Enter the server name, choose the database on your server and click Ok. When you return to the Data Connection page, enter ChinookContext as the name for the model and click Next (see Figure 5).
Figure 5. Entity Data Wizard: Data Connection
From the Choose Your Version dialog, accept the default selection of Entity Framework 6.x and click Next.
Figure 6. Entity Data Model Wizard: Choose Version
In the final page of the Entity Data Model Wizard, select the checkbox next to the Tables you want to include, uncheck Pluralize or singularize generated object names checkbox (you can keep the default Pluralize option if you like) and specify ChinookModel as the Model Namespace (Figure 7). Click Finish to complete the wizard and generate the Entity Model code.
Figure 7. Enity Data Model Wizard: Choose Database Objects
The Wizard will generate the entity data model, data context and related classes for the selected tables (see Figure 8).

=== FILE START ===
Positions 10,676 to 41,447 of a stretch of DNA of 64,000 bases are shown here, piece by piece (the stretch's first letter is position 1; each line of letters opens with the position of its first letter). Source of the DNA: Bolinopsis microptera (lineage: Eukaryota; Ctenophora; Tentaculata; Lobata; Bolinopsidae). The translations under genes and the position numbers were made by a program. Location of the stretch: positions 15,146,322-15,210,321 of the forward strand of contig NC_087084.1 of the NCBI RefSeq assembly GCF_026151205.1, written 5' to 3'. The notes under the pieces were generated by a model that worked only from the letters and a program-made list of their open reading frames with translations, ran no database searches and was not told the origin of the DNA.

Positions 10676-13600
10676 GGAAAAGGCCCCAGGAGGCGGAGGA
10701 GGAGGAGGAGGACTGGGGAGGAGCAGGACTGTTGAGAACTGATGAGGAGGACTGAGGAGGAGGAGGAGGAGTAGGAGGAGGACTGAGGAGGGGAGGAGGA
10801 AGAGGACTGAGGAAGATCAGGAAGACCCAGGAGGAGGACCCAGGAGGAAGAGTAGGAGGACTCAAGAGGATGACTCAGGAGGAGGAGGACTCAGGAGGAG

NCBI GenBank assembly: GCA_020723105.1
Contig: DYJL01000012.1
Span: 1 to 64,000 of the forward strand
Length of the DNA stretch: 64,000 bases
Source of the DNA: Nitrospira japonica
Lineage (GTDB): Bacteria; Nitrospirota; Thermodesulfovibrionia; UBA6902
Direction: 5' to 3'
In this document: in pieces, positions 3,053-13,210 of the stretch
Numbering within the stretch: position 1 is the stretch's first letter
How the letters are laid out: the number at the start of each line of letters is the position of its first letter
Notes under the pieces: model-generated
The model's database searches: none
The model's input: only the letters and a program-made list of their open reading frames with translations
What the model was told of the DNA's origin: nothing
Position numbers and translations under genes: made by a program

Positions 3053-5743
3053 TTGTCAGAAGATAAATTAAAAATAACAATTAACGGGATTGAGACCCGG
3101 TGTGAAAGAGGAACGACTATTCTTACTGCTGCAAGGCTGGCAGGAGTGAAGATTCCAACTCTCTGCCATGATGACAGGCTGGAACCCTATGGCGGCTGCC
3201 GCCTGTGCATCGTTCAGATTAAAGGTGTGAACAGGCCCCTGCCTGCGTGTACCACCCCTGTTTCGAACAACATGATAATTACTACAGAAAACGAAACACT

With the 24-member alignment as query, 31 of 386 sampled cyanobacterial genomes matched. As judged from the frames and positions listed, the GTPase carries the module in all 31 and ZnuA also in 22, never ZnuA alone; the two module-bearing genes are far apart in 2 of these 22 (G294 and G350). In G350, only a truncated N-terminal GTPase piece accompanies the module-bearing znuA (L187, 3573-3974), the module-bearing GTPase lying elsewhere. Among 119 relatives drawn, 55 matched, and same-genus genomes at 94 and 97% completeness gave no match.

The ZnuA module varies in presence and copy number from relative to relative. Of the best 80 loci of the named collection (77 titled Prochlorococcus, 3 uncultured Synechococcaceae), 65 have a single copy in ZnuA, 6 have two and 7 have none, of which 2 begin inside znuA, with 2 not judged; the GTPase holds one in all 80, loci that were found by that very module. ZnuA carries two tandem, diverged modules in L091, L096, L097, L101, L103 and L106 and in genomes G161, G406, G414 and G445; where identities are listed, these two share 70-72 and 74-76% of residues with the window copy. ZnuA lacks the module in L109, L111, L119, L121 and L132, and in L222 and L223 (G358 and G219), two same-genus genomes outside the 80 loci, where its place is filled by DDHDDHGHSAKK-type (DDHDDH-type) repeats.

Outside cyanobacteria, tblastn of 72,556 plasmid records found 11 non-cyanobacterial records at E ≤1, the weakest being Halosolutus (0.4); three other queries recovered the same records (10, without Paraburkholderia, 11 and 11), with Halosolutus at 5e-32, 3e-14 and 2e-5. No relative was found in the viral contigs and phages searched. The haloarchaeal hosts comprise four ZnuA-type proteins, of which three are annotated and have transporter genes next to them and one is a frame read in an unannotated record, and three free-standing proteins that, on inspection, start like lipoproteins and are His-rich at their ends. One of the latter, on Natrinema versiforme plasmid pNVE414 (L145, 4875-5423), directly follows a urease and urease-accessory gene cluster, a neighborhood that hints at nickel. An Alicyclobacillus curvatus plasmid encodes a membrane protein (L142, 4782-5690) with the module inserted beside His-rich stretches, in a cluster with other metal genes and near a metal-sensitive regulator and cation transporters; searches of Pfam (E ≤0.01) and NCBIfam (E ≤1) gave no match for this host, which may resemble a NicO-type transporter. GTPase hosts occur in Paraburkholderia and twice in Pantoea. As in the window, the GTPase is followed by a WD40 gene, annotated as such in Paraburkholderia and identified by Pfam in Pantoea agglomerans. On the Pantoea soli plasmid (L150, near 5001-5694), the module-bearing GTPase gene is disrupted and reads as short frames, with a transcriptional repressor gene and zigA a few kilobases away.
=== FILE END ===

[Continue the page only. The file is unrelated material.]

Figure 8. Entity Data Model, Context and Classes
Since we are referencing the latest version of the Entity Framework, along with a WCF Data Service, we need to install the WCF Data Services Entity Framework Provider. Right-click the ChinookService project and choose Manage NuGet Packages. From the Manage NuGet Packages dialog, make sure Include Prerelease is selected in the top dropdown box (see Figure 9). Search for “WCF Data Services Entity” and click the Install button next to the entry for WCF Data Services EntityFramework Provider. Click OK to install the package into the ChinookService. You should also be prompted to accept the license agreement. When you are done, click Close to return to your Visual Studio project.
Figure 9. Manage NuGet Packages
The Entity Framework Provider gives us an API for responding to ODATA queries, but we need to add a WCF Data Service to expose the data on the Web as OData. Right-click the ChinookService project in Solution Explorer and click Add | New Item. Select the Web node and choose the WCF Data Service 5.6 template (see Figure 10).